IDBI Bank Ltd, which has received multiple bailouts in the past few years, is the latest to join the list of lenders that wrote off tens of thousand crore rupees as bad loans. The Bank was re-categorised as a private sector lender in January 2019 after the Life Insurance Corporation of India (LIC) increased its stake to 51% in the lender. During the past seven years, IDBI Bank wrote off total bad loans worth Rs45,693 crore but could recover just 8% of it after spending more than Rs29 crore, as the analysis of annual reports of the Bank shows. The analysis is done by well-known activist Vivek Velankar as per response from IDBI Bank under the Right to Information (RTI) Act.
The government has repeatedly infused large sums of money to bailout the Bank and help it meet capital adequacy requirements; this in addition to LIC acquiring a 51% stake in a bailout move.
IDBI Bank flatly refused to share information on loans of Rs100 crore and above that were written off, the names of these borrowers and the money recovered from these big defaulters with the activist.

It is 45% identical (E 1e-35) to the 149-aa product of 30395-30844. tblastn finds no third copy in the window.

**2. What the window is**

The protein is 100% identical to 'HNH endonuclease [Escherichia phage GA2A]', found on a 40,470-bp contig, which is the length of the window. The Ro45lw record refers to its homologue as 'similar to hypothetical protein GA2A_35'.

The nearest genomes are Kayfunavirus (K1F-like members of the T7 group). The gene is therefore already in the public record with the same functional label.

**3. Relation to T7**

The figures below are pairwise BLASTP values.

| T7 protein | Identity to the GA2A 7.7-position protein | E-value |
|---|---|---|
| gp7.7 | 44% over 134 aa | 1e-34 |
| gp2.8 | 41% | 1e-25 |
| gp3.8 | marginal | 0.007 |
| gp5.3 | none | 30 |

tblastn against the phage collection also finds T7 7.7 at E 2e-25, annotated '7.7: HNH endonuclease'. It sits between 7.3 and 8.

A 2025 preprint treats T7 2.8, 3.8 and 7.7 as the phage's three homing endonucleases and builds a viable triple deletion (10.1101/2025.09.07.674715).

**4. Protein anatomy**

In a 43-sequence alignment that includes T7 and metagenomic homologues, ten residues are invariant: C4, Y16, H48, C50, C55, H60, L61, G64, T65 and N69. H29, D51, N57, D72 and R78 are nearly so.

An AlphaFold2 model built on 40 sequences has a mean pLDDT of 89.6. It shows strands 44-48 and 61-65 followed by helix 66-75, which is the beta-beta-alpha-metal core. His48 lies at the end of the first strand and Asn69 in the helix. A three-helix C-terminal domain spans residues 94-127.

Rather than furnishing information about the written off debts, IDBI Bank directed the RTI activist to find out details for himself from the Bank’s annual reports for it. Mr Velankar did that and found that during FY13-14 to FY19-20, IDBI Bank wrote off bad loans of Rs45,693 crore, including technical or prudential write-offs and loans written off other than technical or prudential. The Bank recovered just Rs3,704 in the same period crore for which it incurred an expense of Rs29.34 crore.
(Source: Vivek Velankar, Pune)
As on March 2020, IDBI Bank has shown Rs40,313.95 crore as the written off amount, of which it had recovered Rs1,247.60 during the fiscal year. The annual report, however, does not mention the period during which this amount has been accumulated.